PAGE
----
"...we should pass over all biographies of 'the good and the great,' while we search carefully the slight records of wretches who died in prison, in Bedlam, or upon the gallows."
~Edgar Allan Poe

Wednesday, January 19, 2022

Newspaper Clipping of the Day

Via Newspapers.com

The “Flatwoods Monster” has become one of the most famous episodes in American cryptozoology.  The following eyewitness account from the “Windsor Star” of September 15, 1952, is one of the (numerous) contemporary accounts, complete with a delightful headline.  

SUTTON, W. Va., (UP) Eyewitness accounts of a tall, glowing monster with a blood-red face skulking in the hills divided Braxton County today into two camps--believers and skeptics. 

Seven persons said they saw the unearthly being, described as “worse than Frankenstein,” in the hills above Flatwoods, W. Va., Friday night.

State police and a number of residents hooted at the reports as a product of mass hysteria.  Police said the eyewitnesses’ guess as to the monster's height varied from seven to 17 feet. 

The excitement began when the two young sons of Mrs. Kathryn May, a Flatwoods beautician, said they saw a flying saucer land on C. B. Fishers farm near here.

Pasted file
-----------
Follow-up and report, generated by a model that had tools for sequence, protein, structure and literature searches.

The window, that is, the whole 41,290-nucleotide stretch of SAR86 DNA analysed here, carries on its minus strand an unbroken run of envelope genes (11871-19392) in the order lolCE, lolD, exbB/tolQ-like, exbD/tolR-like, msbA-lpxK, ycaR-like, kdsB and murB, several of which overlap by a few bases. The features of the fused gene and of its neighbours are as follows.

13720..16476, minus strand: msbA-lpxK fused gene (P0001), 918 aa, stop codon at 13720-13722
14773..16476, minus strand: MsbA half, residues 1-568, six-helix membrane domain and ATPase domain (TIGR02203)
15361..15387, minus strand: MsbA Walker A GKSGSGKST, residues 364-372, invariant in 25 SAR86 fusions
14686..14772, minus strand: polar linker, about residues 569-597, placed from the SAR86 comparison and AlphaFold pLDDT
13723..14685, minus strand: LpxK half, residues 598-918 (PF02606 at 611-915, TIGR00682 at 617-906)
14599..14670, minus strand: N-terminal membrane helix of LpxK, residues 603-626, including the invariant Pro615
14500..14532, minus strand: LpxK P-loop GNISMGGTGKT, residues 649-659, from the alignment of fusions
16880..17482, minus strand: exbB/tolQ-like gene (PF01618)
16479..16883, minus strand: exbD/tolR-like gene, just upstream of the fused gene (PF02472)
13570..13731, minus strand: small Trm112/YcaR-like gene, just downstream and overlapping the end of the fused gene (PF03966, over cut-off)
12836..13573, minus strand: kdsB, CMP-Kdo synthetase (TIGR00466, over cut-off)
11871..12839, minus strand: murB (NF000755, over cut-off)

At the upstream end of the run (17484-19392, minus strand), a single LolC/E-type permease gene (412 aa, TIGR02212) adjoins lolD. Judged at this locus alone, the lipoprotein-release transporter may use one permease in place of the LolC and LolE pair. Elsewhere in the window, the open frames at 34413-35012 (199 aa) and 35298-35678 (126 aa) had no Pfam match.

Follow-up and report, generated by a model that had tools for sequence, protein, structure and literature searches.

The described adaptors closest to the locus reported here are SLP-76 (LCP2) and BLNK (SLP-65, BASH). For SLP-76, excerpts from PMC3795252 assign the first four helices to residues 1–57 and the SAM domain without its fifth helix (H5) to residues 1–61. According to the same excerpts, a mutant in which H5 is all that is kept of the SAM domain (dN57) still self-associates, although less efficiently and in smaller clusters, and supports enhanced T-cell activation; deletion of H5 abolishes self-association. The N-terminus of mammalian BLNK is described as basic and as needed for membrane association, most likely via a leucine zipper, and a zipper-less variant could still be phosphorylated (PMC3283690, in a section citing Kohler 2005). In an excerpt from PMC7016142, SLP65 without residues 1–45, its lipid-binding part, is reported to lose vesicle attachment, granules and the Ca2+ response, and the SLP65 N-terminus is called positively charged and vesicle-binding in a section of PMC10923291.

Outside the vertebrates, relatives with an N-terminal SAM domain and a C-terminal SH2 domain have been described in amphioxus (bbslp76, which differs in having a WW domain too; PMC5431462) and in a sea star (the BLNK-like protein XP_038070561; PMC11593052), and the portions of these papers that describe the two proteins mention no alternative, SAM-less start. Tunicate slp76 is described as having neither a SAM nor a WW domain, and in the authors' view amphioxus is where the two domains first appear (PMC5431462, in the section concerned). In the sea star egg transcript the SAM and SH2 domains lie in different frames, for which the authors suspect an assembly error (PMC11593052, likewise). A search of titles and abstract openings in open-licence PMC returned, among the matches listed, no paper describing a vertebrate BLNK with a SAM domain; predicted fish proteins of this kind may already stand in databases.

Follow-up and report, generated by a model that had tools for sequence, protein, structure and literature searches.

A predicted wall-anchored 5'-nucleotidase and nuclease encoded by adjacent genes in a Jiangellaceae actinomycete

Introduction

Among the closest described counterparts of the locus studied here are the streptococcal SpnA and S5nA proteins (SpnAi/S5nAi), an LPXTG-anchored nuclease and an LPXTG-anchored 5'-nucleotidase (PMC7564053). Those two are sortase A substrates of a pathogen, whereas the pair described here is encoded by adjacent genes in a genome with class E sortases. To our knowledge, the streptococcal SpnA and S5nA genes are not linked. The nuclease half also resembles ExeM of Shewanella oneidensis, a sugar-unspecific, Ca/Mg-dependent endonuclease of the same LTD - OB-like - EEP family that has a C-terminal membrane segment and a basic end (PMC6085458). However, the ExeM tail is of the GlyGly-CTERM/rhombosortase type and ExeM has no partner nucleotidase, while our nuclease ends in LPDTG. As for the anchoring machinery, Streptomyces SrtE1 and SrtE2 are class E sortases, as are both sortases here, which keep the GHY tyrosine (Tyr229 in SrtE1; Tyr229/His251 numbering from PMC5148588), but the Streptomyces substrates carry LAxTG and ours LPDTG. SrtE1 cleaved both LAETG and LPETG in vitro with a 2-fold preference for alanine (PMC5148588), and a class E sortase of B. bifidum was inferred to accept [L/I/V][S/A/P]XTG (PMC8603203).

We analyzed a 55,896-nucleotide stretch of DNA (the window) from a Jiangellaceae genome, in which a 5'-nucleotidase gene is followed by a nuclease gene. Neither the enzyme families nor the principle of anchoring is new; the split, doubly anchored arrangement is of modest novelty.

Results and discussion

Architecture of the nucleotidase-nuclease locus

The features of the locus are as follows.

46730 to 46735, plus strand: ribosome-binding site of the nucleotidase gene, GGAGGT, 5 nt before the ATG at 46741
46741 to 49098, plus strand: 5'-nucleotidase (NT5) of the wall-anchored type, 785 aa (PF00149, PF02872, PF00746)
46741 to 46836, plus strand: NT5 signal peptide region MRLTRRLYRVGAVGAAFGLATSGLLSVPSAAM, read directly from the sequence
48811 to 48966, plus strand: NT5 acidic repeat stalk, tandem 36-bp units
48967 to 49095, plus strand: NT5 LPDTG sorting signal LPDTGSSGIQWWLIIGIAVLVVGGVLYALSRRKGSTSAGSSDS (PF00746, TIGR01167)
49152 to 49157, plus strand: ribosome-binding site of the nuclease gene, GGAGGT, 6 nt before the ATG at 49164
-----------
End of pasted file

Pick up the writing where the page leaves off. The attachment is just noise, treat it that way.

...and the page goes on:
Mrs. May, National Guardsman Gene Lemon, and five boys climbed a hill on the Fisher farm to look for the “saucer.”

Mrs. May said a fire-breathing monster, 10 feet tall with a bright green body and a blood red face, bounced and floated toward them.

“It looked worse than Frankenstein,” she said. “It couldn't have been human.”

Lemon, 17, said he thought he saw a possum or a coon until he turned his flashlight on “the thing.”  It was then he saw the monster with the blushing face and green body “that seemed to glow.” 

Mrs. May said Lemon stared and then screamed as the monster duck-walked toward them. All of them fled, occasionally looking over their shoulders. 

The monster, Mrs. May said, had an overpowering metallic odor that nauseated them. She said they vomited for several hours. 

A. Lee Stewart, co-publisher of the Braxton County Democrat, received the first report from Mrs. May. The veteran newspaperman organized an armed posse and went to the scene.

“The odor was still there,” Stewart said. “It was sort of warm and sickening. And there were two places about six to eight feet in diameter where the brush was trampled down.” 

Stewart said he did not know what to think. 

“I hate to say I believe it, but I hate to say I don't believe it,” Stewart said. “Those people were scared--badly scared, and I sure smelled something.” 

Authorities said they believed the “flying saucer” which Mrs. May’s sons saw was a meteorite. The incident occurred during a meteor shower over a three-state area.

Skeptics concluded that what the witnesses had seen was merely a barn owl, but the legend lives on!

1 comment:

  1. The odour seems to be the feature that stands out - that and the first reaction of locals being to kill whatever it was - which makes the story seem a little more than hysteria. And yes, the headline couldn't have won many fans for the newspaper in that part of the country.


Comments are moderated. Because no one gets to be rude and obnoxious around here except the author of this blog.